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Can you use Sawdust to help dry lumber?

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Forum topic by JCam posted 11-07-2013 09:10 PM 1618 views 0 times favorited 18 replies Add to Favorites Watch
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JCam

13 posts in 599 days


11-07-2013 09:10 PM

Topic tags/keywords: question

Hey guys, I was wondering if you could use sawdust to help dry smaller pieces of lumber?

A decade and some change ago I did my first oil change and failed to tighten the oil filter enough, bad advice from someone who said it only needed to be hand tightened, and when I started the car about three quarts dumped out all over my father’s garage. Cleaned most of it up with rags but concrete floor was still extremely slick. I dumped a shop vac full of saw dust over the area and rubbed it in and it was as if nothing had happened after a couple hours.

If I built a simple box, 2×2x3 and filled with saw dust, to throw small branches in that neighbors have discarded would it help to properly pull out moisture from the wood or increase the chances of splitting and warping from drying too quickly.

-- -- Cameron --


18 replies so far

View robscastle's profile

robscastle

1880 posts in 950 days


#1 posted 11-07-2013 09:19 PM

Sawdust as you have found out absorbs moisture so it may work in reverse if you cannot reactivate it.

Best to use simple air drying and test for moisture as it seasons.

It will be interesting to monitor the results of the saw dust use just the same

-- Regards Robert

View redryder's profile

redryder

2231 posts in 1847 days


#2 posted 11-07-2013 09:35 PM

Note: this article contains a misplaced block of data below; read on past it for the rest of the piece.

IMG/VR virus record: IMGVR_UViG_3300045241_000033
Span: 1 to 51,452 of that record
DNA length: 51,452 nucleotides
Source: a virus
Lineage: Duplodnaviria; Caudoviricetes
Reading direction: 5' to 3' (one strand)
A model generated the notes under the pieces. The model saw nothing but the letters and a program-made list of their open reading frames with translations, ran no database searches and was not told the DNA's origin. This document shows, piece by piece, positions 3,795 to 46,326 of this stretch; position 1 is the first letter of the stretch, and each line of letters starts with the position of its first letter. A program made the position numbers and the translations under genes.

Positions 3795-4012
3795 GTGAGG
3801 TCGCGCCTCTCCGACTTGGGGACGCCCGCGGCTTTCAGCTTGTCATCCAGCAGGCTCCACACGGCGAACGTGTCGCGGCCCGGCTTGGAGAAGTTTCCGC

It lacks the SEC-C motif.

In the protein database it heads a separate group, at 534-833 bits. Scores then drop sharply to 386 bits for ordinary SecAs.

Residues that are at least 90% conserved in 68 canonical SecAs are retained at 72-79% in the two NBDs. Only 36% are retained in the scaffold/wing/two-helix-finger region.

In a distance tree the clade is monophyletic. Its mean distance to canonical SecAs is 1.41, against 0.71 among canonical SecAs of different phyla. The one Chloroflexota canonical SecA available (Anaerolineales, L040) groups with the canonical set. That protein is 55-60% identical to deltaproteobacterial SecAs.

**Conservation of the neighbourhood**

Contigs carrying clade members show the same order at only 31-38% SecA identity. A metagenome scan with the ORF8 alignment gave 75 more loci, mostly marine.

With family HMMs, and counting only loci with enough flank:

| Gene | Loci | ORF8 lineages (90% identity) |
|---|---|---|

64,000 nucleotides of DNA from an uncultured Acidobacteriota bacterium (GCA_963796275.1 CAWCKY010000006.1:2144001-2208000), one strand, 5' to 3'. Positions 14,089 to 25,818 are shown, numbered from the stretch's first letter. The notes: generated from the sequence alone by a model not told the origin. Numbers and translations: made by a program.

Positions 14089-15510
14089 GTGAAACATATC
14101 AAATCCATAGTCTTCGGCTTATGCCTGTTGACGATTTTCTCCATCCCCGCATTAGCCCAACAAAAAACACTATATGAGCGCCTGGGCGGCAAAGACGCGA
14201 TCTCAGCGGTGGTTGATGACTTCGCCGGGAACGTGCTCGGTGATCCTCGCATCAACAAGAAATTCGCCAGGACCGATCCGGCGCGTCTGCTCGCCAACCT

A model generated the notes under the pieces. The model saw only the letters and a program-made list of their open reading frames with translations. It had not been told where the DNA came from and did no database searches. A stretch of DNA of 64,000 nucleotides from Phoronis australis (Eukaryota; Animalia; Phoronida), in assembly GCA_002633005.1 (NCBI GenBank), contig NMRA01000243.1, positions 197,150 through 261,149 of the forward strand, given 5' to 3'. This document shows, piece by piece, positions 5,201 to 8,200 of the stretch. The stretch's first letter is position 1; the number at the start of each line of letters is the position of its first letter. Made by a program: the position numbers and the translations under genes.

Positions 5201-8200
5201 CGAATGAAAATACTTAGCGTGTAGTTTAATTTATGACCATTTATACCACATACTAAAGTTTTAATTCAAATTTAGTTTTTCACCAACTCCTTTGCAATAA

I find this to be the fastest, most complete way of drying logs I intend to use and it sucks the moisture out of the shop in general…..........................

-- mike...............

View Monte Pittman's profile

Monte Pittman

15450 posts in 1084 days


#3 posted 11-07-2013 09:49 PM

If your sawdust is very dry to start with it may help. However, it could hold the moisture in just as easy. Proper stacking out of the weather with a fan blowing over it is still the best.

-- Mother Nature created it, I just assemble it.

View Jimbo4's profile

Jimbo4

1172 posts in 1509 days


#4 posted 11-07-2013 10:35 PM

As us woodturners do – put your small piece in a cardboard box, surrounded by sawdust, check once a week for dryness.

-- *Arachnoleptic Fit*: The frantic dance performed just after you've accidently walked through a spider web.

View mrjinx007's profile

mrjinx007

1828 posts in 513 days


#5 posted 11-07-2013 11:21 PM

If you are in humid environment, the sawdust will absorb the humidity very fast and perhaps creates a slow process of drying time. Those cedar logs you have will hardly ever check or split if you don’t introduce heat too fast such as during turning and especially sanding.

-- earthartandfoods.com

View JCam's profile

JCam

13 posts in 599 days


#6 posted 11-08-2013 02:00 AM

Thank you for the responses, I appreciate the feedback.

-- -- Cameron --

View GFYS's profile

GFYS

711 posts in 2217 days


#7 posted 11-08-2013 02:22 AM

all saw dust is dry right? :/

View GOOD LUCK TO ALL's profile

GOOD LUCK TO ALL

418 posts in 473 days